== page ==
Here's an example of a mat and frame one collector decided upon for my etching, "Streets of New York".
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- Dec 25, 2017
Updated: Mar 20
For many people, Christmas is a glorious time. Neighborhoods are aglow with bright lights, homes are filled with decorations, and family and friends meet and rejoice, exchanging gifts and feeling their bond grow. Holiday movies and songs are wrapped in nostalgia, triggering happy childhood memories of visiting Santa Claus and dreaming of the toys he would leave under the tree.
For those of us suffering from mental illness, however, this season often brings nothing but intense guilt and pain: the gifts we can’t afford to buy, the children we feel we are ruining by being unavailable to them, the spouses we are letting down, or the flashbacks we experience of arguments, tears, and anguish.
Years ago, when I was hospitalized over Christmas, I saw this pain in everyone around me. People hardly spoke, most of them lonely and consumed with shame about all they had lost or did not have. It was especially distressing for those without a family. Our ward had a scrawny Christmas tree that we decorated. I saw it as mockery. I wanted to burn it or throw it out the window! That tree reminded me of how worthless and different I was. Had I done something good with my life, I would have been home with my wife and two boys, not in this place feeling invisible. Yes, that Christmas tree was a taunting testament to my failures, to my empty existence outside of society.
Then a nurse asked me to sing John Lennon’s “Imagine” with him during a simple Christmas lunch with patients and staff. He played the guitar and we sang together. I am not a singer, but I sang with all my heart. Many nurses and patients started to cry, and I realized that this was what Christmas was all about—living in the moment, free of expectations and judgments. I have never forgotten it.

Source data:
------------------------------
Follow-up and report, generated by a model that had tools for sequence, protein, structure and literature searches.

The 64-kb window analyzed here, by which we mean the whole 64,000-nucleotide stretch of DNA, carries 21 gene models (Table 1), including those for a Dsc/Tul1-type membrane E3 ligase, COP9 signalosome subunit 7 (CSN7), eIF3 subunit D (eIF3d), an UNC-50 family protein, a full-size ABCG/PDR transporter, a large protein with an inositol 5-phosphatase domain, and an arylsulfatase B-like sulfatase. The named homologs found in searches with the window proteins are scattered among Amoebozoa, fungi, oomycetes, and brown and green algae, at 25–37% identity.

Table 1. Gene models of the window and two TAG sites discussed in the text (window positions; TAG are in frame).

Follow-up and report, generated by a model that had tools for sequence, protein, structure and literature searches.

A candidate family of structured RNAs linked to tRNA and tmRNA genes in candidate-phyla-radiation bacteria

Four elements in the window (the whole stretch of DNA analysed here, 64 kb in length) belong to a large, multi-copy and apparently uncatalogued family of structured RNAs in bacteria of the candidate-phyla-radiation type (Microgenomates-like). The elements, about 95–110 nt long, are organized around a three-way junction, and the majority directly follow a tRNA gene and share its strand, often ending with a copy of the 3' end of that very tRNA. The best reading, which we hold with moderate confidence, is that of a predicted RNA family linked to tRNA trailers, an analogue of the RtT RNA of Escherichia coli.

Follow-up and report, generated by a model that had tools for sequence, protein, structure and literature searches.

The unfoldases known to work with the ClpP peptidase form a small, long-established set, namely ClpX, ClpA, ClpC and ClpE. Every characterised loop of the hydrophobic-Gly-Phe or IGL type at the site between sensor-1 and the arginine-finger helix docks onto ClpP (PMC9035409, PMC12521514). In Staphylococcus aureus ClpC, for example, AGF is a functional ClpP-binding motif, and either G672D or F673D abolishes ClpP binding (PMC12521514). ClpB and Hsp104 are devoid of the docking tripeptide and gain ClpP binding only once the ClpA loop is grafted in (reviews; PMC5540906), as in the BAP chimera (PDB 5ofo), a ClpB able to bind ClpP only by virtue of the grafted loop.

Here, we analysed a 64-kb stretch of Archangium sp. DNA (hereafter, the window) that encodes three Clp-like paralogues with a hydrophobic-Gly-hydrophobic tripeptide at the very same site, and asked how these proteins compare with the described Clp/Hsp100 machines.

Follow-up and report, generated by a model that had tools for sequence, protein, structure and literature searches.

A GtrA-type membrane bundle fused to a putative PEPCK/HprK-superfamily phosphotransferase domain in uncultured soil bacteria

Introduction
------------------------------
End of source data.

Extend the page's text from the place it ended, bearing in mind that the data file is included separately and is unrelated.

Life is up and down. When I’m going through a rough patch, I dread holiday gatherings and the obligatory chitchat around the table, having no energy to address comments like “How are you doing? You seem much better.” No, I’d rather be by myself. But now that I am in a good period, I’ve been looking forward to the holidays again. Luckily I have been blessed with a strong wife and a caring extended family. For those who battle depression and are alone, Christmas just provides another chance to beat themselves up and feed their self-hatred. If you know someone in this situation, invite them into your home, but don’t ask questions. Simply offer love and good food! They will be most grateful.
A quote by the speaker and author Daniel H. Pink comes to mind:
“Empathy is about standing in someone else’s shoes, feeling with his or her heart, seeing with his or her eyes. Not only is empathy hard to outsource and automate, but it makes the world a better place.”
(Since I've moved this blog to a new site, I've cut and pasted past comments here)
12/25/2017 09:12:08 am
Great blog, David. Thank you for your valuable perspective.